The positions which the five younger attorneys filled were
those of general attorneys in various departments of Allied.
Given plaintiff's broad experience, the Court concludes that he
was qualified to at least be considered for one of the positions.
It is apparently the policy of Allied, when openings arise, to
give priority to its own employees whose positions have
disappeared. Thus, some months after plaintiff was terminated,
the position of James Clayton in the Information Systems Division
also "disappeared." Unlike plaintiff, however, Clayton was
requested to transfer to a different job in an entirely different
division. Similarly, when David Fewkes' position with Bunker Ramo
"disappeared," he was offered a different position with Allied.
While plaintiff does not contend that he should have been
considered for the position which Fewkes was ultimately offered,
he does contend that he should have been afforded the same
treatment in that an effort should have been made on the part of
defendant to place plaintiff elsewhere in the company.
In further support of his case, plaintiff notes that in 1981,
the job description of one attorney, Dennis R. Marshall, was
changed to reflect Marshall's new function as a securities
lawyer. Despite the admission of Allied's Vice President and
Associate General Counsel, Kevin Salisbury, the individual
charged with reorganizing the Bunker Ramo law department, that
plaintiff's expertise was in the area of securities law,
plaintiff was never notified of the need for a securities lawyer
and apparently was never considered for the position.
Finally, plaintiff has set out certain evidence which would
tend to indicate defendant's concern for the age of its
employees. While no evidence directly implicating that defendant
was specifically concerned about plaintiff's age is tendered, the
general concern regarding the age of the law department employees
is evident. Thus plaintiff testified in his deposition that he
heard Harold Doherty, administrator of the Allied law department,
state to David Fewkes, with regard to Frederick Arbuckle, the
Bunker Ramo Director of Patents, "I won't move him back east [to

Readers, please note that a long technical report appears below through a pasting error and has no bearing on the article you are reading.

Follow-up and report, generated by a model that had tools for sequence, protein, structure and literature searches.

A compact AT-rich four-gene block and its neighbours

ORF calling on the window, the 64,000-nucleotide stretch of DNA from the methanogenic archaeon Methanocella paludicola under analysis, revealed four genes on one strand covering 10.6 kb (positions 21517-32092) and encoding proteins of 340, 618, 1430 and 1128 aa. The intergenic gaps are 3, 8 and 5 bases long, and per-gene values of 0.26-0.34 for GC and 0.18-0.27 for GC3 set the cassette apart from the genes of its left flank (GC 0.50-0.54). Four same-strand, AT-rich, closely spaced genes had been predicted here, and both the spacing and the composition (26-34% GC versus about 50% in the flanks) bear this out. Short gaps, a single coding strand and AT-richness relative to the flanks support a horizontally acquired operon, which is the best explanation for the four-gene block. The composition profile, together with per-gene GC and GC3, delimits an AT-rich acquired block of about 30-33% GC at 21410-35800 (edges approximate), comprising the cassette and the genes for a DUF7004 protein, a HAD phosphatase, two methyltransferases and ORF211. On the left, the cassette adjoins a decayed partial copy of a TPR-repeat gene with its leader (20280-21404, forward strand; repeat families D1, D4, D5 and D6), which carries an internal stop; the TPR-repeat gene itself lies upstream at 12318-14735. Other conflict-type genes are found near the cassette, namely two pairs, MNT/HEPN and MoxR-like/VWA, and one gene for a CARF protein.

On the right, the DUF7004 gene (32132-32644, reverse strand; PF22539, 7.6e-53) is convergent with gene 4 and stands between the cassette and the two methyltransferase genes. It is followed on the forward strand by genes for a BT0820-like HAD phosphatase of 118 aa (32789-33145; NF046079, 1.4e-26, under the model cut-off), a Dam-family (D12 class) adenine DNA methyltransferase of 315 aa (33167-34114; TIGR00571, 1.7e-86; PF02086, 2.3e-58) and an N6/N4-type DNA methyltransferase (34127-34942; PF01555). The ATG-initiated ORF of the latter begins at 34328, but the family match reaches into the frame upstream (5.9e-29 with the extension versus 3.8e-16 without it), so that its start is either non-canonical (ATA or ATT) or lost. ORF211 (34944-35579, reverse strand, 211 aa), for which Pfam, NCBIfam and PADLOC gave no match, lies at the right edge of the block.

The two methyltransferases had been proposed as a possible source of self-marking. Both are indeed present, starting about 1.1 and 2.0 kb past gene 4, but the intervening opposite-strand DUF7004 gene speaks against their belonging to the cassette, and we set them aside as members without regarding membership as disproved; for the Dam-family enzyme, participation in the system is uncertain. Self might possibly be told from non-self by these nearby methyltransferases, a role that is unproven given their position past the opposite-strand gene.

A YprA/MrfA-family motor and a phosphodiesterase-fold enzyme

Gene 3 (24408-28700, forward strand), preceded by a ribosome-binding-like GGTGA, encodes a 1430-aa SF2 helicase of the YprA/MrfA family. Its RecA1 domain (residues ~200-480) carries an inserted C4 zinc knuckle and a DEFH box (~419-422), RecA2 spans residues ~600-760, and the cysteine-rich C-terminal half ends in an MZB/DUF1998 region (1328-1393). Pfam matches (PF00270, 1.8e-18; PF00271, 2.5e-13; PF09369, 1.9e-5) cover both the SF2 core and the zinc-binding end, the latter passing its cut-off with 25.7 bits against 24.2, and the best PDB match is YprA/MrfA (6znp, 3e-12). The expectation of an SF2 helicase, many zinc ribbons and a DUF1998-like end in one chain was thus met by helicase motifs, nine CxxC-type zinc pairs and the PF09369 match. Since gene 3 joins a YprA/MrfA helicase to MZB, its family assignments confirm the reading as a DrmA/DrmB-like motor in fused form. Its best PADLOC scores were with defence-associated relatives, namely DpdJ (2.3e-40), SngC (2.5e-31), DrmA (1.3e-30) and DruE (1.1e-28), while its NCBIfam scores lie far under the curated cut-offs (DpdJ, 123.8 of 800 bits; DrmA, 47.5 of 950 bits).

Allied's east coast offices] because he's too close to
In light of the foregoing, it is clear that a genuine issue of
fact exists as to whether the decision not to employ plaintiff in
the Allied organization was based upon his age. For that reason,
defendant's motion for summary judgment must be denied.
II. The Procedural Claim
Defendant also argues that plaintiff's claim is procedurally
barred. It argues that because plaintiff may have filed his
charge of discrimination with the Illinois Department of Human
Rights more than 180 days after the discriminatory act, the
action must be dismissed. While defendant relies upon a number of
district court cases indicating the correctness of its position,
it is clear that under Mohasco v. Silver, 447 U.S. 807, 100 S.Ct.
2486, 65 L.Ed.2d 532 (1980), a plaintiff need only file the state
charge prior to instituting suit. The ADEA requires only that the
state charge be filed 60 days prior to instituting suit.
29 U.S.C. § 633(b).
As Judge Marshall noted recently in Curto v. Sears Roebuck &
Co., 552 F. Supp. 891, 895 (N.D.Ill. 1982):
Every post-Mohasco court to consider the question has
concluded that state proceedings need not be
commenced within 180 days, and that the statute only
requires a state filing at some point prior to
seeking a judicial remedy under ADEA. [emphasis
added] [Citing] Aronsen v. Crown-Zellerbach,
662 F.2d 584 (9th Cir. 1981); Ciccone v. Textron, Inc.,
651 F.2d 1 (1st Cir.), cert. denied, 452 U.S. 917, 101
S.Ct. 3052, 69 L.Ed.2d 420 (1981) [opinion after
remand]; Goodman v. Heublein, Inc., 645 F.2d 127 (2d
Cir. 1981); Davis v. Calgon Corp., 627 F.2d 674 (3d
Cir. 1980), cert. denied, 449 U.S. 1101, 101 S.Ct.
897, 66 L.Ed.2d 827 (1981).
In the case at bar, defendant concedes that plaintiff filed his
lawsuit more than 60 days prior to the institution of the instant
suit. The ADEA requires no more.